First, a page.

Trump Student Loan Official Quits, Calls for Debt Forgiveness
NEW YORK — The Trump administration’s point person for overhauling the federal student loan system abruptly resigned Thursday after calling for the government to wipe out most of the nation’s $1.6 trillion of student debt.
A. Wayne Johnson — a Republican and former financial services executive who U.S. Education Secretary Betsy DeVos had appointed to a series of senior roles — said that the federal government needs to wipe out the first $50,000 of debt owed for higher education by some 42 million Americans. That would jump-start economic growth by eliminating more than $900 billion of federal student loans — and completely erase the debt for the vast majority of borrowers, he said.
“As a banker, you recognize problematic situations and you deal with it through write-offs,” Johnson, who formerly worked at financial companies including First Data Corp. and Visa Inc., said in an interview. “From an economic standpoint, it is absolutely the right thing to do.”
Johnson joins Sens. Elizabeth Warren and Bernie Sanders, both Democratic candidates for president, in demanding mass debt forgiveness, a growing movement fueled by a generation of overburdened Americans who say they paid too much for an education that failed to provide the earnings boost that would justify the cost.
Johnson appears to be betting that debt forgiveness will appeal to Republicans too. He’s using the forgiveness plan to launch his candidacy for the seat held by U.S. Sen. Johnny Isakson, a Georgia Republican whose retirement at the end of 2019 will give Gov. Brian Kemp the power to appoint an interim successor. More than 1.5 million people in the state collectively owe almost $61 billion on their federal student loans, U.S. Education Department data show.
Nationwide, a 1% tax on employers’ earnings would provide more than enough funding to cover the government’s debt writedowns — losses that would result anyhow, Johnson said, because much of the nation’s student loan debt ultimately won’t be repaid.
About a fifth of borrowers are in default, Education Department data show, and millions more are behind on their bills. Borrowers as a group are paying down about 1% of their federal debt every year, an earlier Bloomberg Businessweek analysis found — the equivalent of a former student annually reducing the balance of a typical $30,000 college loan by just $300.
As a Republican, and as a former Trump administration official, Johnson stands out from the crowd of Democrats clamoring for debt relief. After a career in financial services, Johnson enrolled in a doctorate program in higher education at Mercer University and wrote his dissertation on student loans. His former boss, DeVos, last week criticized Democratic proposals to cancel debt by arguing it’d be unfair to the millions of Americans who never went to college but ultimately would foot the bill through taxes.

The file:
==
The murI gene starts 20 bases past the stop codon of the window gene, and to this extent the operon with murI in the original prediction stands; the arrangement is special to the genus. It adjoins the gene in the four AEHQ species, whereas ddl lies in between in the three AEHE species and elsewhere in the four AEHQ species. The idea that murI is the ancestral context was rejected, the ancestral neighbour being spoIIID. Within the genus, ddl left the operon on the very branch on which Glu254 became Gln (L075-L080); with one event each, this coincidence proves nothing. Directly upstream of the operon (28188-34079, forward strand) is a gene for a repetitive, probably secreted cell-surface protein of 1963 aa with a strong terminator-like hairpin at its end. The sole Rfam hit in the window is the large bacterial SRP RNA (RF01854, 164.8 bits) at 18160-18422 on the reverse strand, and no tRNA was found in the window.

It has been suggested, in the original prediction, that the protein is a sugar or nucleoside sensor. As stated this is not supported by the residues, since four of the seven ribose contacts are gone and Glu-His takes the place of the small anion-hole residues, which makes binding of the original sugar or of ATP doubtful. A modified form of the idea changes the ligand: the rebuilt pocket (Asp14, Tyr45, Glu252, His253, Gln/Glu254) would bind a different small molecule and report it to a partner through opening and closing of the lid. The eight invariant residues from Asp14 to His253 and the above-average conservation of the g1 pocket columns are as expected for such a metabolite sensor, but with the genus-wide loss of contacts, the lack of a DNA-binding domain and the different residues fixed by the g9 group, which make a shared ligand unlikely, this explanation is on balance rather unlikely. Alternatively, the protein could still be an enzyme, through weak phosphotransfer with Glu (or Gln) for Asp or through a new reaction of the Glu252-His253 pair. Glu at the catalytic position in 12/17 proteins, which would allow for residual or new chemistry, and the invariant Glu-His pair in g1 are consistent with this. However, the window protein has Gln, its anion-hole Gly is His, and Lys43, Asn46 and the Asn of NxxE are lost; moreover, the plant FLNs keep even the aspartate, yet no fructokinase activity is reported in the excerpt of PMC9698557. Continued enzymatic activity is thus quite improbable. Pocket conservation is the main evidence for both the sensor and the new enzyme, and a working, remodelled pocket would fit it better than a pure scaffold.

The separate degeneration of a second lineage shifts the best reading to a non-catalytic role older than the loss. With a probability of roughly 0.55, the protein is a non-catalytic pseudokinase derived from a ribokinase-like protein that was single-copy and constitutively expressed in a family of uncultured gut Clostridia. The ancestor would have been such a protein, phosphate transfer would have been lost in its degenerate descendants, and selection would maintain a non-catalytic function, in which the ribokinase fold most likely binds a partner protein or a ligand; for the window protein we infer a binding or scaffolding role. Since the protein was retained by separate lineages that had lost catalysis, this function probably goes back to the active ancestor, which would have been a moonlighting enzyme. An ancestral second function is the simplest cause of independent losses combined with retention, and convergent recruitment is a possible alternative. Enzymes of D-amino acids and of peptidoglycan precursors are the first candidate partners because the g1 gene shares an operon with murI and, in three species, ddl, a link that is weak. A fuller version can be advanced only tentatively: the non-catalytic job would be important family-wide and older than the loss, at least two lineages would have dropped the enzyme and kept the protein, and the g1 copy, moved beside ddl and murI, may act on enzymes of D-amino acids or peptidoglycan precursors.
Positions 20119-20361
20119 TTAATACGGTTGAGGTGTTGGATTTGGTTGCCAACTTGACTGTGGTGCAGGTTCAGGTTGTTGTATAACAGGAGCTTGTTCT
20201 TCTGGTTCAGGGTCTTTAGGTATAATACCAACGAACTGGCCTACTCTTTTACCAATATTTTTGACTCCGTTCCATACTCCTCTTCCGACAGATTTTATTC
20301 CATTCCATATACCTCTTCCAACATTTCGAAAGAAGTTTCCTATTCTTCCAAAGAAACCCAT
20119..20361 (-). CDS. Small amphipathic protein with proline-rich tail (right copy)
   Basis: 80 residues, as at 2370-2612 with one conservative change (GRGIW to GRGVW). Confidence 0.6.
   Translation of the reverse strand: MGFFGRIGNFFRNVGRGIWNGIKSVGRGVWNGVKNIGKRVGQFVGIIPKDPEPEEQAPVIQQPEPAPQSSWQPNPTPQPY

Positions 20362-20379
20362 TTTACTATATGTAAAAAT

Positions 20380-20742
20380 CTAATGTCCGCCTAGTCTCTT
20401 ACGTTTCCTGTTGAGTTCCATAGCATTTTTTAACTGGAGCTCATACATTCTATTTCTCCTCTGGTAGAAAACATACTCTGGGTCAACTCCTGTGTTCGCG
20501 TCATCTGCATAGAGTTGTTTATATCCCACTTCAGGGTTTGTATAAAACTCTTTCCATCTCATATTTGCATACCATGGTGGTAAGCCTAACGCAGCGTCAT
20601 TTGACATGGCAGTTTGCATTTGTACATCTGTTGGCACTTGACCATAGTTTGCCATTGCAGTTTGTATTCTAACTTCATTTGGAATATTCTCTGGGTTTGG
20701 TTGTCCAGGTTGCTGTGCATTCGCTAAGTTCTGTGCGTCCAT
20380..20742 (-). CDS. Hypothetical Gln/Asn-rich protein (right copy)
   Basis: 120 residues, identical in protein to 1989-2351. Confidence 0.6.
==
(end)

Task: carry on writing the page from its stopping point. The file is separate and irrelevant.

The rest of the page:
Johnson’s plan includes two separate provisions meant to address criticism that it’d be unfair or insufficient. First, Johnson wants the federal government to reimburse past borrowers who’ve already paid off their loans with as much as $50,000 in income tax credits. Second, he’d eliminate the federal loan program and replace it with $50,000 in grants to cover college tuition and work training and licensing programs.
It was a chance meeting with a struggling borrower from Utah that prompted Johnson to reconsider the role that student debt plays in people’s lives, he said. The man had never been late on a bill, but his initial $40,000 balance had ballooned to some $120,000 after years of postponing his payments. The borrower asked Johnson if his agency would negotiate a final payment that would allow him to pay less than he owed.
“Like millions of Americans, every day he woke up owing more than the day before,” Johnson said. “That’s when I said, ‘This is nuts.’ ”
©2019 Bloomberg News
Visit Bloomberg News at www.bloomberg.com
Distributed by Tribune Content Agency, LLC.
In The News
WASHINGTON -- Experts say that injecting federal money into America’s higher education system amid the coronavirus crisis could unintentionally lead to more profiteering in the industry. The pandemic has taken a significant toll on U.S. colleges and universities, shutting down college campuses and forcing teachers and... Read More
WASHINGTON — With millions of students stranded at home for the duration of the academic year and questions persisting about whether the COVID-19 pandemic will allow schools to reopen in the fall, lawmakers and federal agencies are weighing the best ways to help a particularly vulnerable... Read More
Over the last few months, the coronavirus crisis has forced colleges and universities across America to close down campuses and teach students entirely online. Now, the new school year is around the corner, and they face another daunting challenge -- how to reopen safely amid the... Read More
WASHINGTON - Anyone who doubts how difficult it will be to reopen the nation's public schools in the wake of the coronavirus outbreak need only spend a few moments speaking to leaders of the National School Boards Association. Public schools are the one part of American... Read More
Universities nationwide are being sued by parents and students who say the schools are falling short of their duties during the coronavirus shutdown. The universities have switched to online education until the national emergency subsides. The students and their parents say they didn’t pay tens of... Read More
WASHINGTON - The Education Department unveiled new campus sexual assault rules on Wednesday that significantly reduce the legal liabilities for schools, narrow the scope of cases educators will be required to investigate and bolster the rights of those accused of such assualts. “Today we release a... Read More